Finally, MLB has wised up and added expanded replay.
According to the Associated Press (h/t ESPN), MLB will expand its replay beginning in 2014 playoffs.
Managers will be allowed one challenge over the first six innings of a game and two from the seventh inning until the completion of the game. Calls that are challenged will be reviewed by a crew in MLB headquarters in New York City, which will make a final ruling.
Challenges not used in the first six innings will not carry over, and a manager who wins a challenge will retain it.
For millions of baseball fans, this comes as great news. Most only wish this would have been in place when their team got screwed out of a bad call.
Which brings me to this thought—what controversies would never have happened if the new replay system was put into place?
This play lives in infamy with fans of the Atlanta Braves.
During the National League Wild Card play-in game (against the St. Louis Cardinals) on Oct. 5, 2012, Andrelton Simmons hit a pop-up into shallow left field. What should have been a routine out instead dropped to the ground to load the bases with one out.
However, the joy of the fans was quickly switched to anger as umpire Sam Holbrook called it an infield fly.
Atlanta fans responded by throwing anything and everything they could on the field.
The Cardinals ended up winning the game, and Chipper Jones' illustrious career came to a close in horrible fashion.
Had instant replay been available for this, there's no doubt MLB would have ruled it was just a missed pop-up and not an infield fly as ruled.
Of course, Cardinals fans would disagree with this.
Armando Galarraga had a perfect day on June 2, 2010.
The Detroit Tigers pitcher had gotten 26 straight outs and got Cleveland's Jason Donald to hit a grounder to Miguel Cabrera for what would have been out No. 27.
However, the first-base umpire ruled Donald beat Galarraga to the bag and Donald was safe, much to the surprise of everyone.
Replay could have easily fixed this call and given him baseball's 21st perfect game. However, it was a judgement call that stood.
Trevor Crowe grounded out next, giving Galarraga what many call a 28-out perfect game.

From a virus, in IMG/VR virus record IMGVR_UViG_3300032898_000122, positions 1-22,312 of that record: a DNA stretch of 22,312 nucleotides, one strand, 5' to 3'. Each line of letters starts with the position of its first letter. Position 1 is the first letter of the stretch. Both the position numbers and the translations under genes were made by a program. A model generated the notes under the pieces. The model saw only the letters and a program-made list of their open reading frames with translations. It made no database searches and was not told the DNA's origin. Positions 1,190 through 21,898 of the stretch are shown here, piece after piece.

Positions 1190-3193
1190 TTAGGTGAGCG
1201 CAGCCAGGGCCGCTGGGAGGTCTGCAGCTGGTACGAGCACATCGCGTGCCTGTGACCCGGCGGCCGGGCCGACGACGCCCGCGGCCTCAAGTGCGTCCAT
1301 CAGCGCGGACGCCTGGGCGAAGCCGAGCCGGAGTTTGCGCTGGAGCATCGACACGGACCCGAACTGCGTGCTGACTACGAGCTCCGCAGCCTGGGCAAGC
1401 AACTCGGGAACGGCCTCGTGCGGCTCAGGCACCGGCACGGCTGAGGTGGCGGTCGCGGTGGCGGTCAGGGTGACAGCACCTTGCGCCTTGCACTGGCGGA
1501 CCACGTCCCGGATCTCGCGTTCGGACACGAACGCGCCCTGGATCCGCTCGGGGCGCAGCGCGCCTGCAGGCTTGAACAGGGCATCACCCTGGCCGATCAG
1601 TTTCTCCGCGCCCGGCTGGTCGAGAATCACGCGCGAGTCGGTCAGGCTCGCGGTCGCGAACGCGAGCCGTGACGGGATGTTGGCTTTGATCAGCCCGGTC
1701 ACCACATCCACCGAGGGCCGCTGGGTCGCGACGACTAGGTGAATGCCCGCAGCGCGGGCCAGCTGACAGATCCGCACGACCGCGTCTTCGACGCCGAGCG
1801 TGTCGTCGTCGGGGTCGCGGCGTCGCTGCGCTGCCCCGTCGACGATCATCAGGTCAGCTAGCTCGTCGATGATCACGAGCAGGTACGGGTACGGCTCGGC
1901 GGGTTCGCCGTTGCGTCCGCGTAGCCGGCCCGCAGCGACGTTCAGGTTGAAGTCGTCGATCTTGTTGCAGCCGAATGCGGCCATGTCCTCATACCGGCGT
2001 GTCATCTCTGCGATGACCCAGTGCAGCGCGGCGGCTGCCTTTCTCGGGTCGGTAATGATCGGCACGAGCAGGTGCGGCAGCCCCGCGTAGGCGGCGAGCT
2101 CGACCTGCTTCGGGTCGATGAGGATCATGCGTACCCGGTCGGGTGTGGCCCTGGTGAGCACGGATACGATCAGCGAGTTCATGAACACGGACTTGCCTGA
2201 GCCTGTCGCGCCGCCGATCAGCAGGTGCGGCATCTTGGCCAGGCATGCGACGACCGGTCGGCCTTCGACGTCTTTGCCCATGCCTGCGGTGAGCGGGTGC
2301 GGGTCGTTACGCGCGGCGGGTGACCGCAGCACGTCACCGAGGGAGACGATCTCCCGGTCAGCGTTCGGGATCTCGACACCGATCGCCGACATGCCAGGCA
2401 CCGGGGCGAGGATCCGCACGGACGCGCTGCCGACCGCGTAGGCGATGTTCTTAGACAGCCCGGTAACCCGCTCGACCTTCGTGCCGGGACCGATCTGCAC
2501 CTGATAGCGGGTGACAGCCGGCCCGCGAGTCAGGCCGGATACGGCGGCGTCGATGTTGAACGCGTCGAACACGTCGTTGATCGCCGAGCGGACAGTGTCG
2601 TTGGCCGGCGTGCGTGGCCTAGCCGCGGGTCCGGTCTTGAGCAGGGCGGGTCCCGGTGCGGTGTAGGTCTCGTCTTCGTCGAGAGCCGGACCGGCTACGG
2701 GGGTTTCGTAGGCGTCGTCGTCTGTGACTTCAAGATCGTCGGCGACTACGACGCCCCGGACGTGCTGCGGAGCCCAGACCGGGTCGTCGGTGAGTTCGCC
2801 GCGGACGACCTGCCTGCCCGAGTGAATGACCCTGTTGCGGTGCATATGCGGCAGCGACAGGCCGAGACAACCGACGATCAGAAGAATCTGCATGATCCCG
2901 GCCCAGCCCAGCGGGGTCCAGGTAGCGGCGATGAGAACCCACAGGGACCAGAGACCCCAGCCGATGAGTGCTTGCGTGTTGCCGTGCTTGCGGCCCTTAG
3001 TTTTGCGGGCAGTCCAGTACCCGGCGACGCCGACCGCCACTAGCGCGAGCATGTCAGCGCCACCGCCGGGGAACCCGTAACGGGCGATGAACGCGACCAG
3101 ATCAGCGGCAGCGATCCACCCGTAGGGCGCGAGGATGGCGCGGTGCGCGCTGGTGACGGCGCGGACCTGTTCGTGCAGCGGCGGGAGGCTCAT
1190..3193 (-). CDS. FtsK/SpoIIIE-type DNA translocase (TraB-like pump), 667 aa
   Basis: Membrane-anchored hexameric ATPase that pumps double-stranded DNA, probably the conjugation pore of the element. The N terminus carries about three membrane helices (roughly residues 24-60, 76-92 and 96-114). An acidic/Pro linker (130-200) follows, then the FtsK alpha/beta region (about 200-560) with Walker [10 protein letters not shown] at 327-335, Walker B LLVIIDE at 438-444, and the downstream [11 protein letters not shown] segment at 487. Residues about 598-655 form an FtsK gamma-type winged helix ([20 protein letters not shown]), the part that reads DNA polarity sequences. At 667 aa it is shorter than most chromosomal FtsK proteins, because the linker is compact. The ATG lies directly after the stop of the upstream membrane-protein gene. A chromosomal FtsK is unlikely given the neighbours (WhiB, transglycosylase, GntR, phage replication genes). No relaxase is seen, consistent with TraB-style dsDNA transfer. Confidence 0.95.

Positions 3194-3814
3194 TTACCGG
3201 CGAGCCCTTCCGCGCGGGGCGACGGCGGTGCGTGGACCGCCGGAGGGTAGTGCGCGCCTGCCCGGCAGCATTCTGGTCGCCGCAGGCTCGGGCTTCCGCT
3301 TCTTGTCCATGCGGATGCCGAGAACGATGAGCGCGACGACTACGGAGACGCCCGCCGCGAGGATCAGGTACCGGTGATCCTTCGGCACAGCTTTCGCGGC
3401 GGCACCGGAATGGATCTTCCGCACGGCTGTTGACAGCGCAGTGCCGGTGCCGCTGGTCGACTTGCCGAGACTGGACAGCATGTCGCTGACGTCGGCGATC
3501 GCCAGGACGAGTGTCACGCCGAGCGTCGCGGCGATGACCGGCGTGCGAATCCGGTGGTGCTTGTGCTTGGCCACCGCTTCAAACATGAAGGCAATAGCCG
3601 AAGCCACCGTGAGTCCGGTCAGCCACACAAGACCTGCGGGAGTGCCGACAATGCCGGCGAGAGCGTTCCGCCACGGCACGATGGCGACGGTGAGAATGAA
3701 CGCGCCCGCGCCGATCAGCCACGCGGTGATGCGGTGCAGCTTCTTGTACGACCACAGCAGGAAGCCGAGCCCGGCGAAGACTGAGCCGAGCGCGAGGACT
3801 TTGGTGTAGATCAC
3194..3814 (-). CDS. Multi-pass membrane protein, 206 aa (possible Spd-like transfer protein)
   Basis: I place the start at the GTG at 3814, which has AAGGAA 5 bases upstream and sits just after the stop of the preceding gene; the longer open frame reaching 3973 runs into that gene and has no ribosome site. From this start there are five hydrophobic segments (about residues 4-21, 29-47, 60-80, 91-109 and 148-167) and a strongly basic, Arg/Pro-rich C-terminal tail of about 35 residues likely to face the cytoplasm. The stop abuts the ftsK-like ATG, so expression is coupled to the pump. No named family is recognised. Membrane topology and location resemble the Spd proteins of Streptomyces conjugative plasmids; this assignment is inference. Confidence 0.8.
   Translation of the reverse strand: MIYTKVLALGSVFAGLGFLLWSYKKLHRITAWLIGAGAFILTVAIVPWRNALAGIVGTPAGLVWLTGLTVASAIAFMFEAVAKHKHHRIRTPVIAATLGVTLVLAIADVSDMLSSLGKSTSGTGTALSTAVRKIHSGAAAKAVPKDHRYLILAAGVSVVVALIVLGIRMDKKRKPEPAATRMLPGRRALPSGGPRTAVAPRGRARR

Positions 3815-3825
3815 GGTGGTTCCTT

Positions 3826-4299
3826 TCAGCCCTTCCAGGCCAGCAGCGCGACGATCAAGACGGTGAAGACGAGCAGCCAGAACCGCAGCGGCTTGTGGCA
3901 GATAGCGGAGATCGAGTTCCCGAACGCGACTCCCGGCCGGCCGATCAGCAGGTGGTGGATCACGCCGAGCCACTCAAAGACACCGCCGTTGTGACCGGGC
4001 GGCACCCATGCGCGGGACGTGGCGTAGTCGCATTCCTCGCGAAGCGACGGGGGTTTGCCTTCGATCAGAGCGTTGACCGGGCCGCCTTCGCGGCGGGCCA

Thankfully, the umpire admitted afterwards that he was wrong and that he cost Galarraga a chance at history.
On Oct. 9, 1996, Jeffrey Maier became a hero in New York.
During Game 1 of the 1996 ALCS between the New York Yankees and Baltimore Orioles, Derek Jeter hit a deep fly ball to right field. As Tony Tarasco got under the ball, he reached up, only to watch Maier grab the ball from the field of play.
Replay clearly shows Maier interfered with the ball.
Had he not interfered, the Orioles would have held onto the lead and likely won Game 1. While the Yankees did eventually win the series 4-1, there's no telling what the Orioles would have been able to do with a 2-0 lead in the series.
Regardless, replay would have confirmed the interference, and the Yankees wouldn't have been given the unfair advantage.
Of course, like Cardinals fans in the earlier slide, Yankees fans will dispute this claim.
The Yankees benefited from yet another call, this time in the 2009 ALDS.
In the 11th inning, Minnesota Twins catcher Joe Mauer hit an opposite-field shot down the left field line. The umpire originally called the ball foul, and Mauer later singled.
The only problem is, replay clearly showed the ball was fair before it bounced into the stands. Mauer should have been awarded a ground-rule double, but wasn't.
Even though he singled, the Twins had two more singles in the inning, but Mauer was stranded on third. Had he been given the double by instant replay, Mauer would have scored and the Twins might not have lost the game.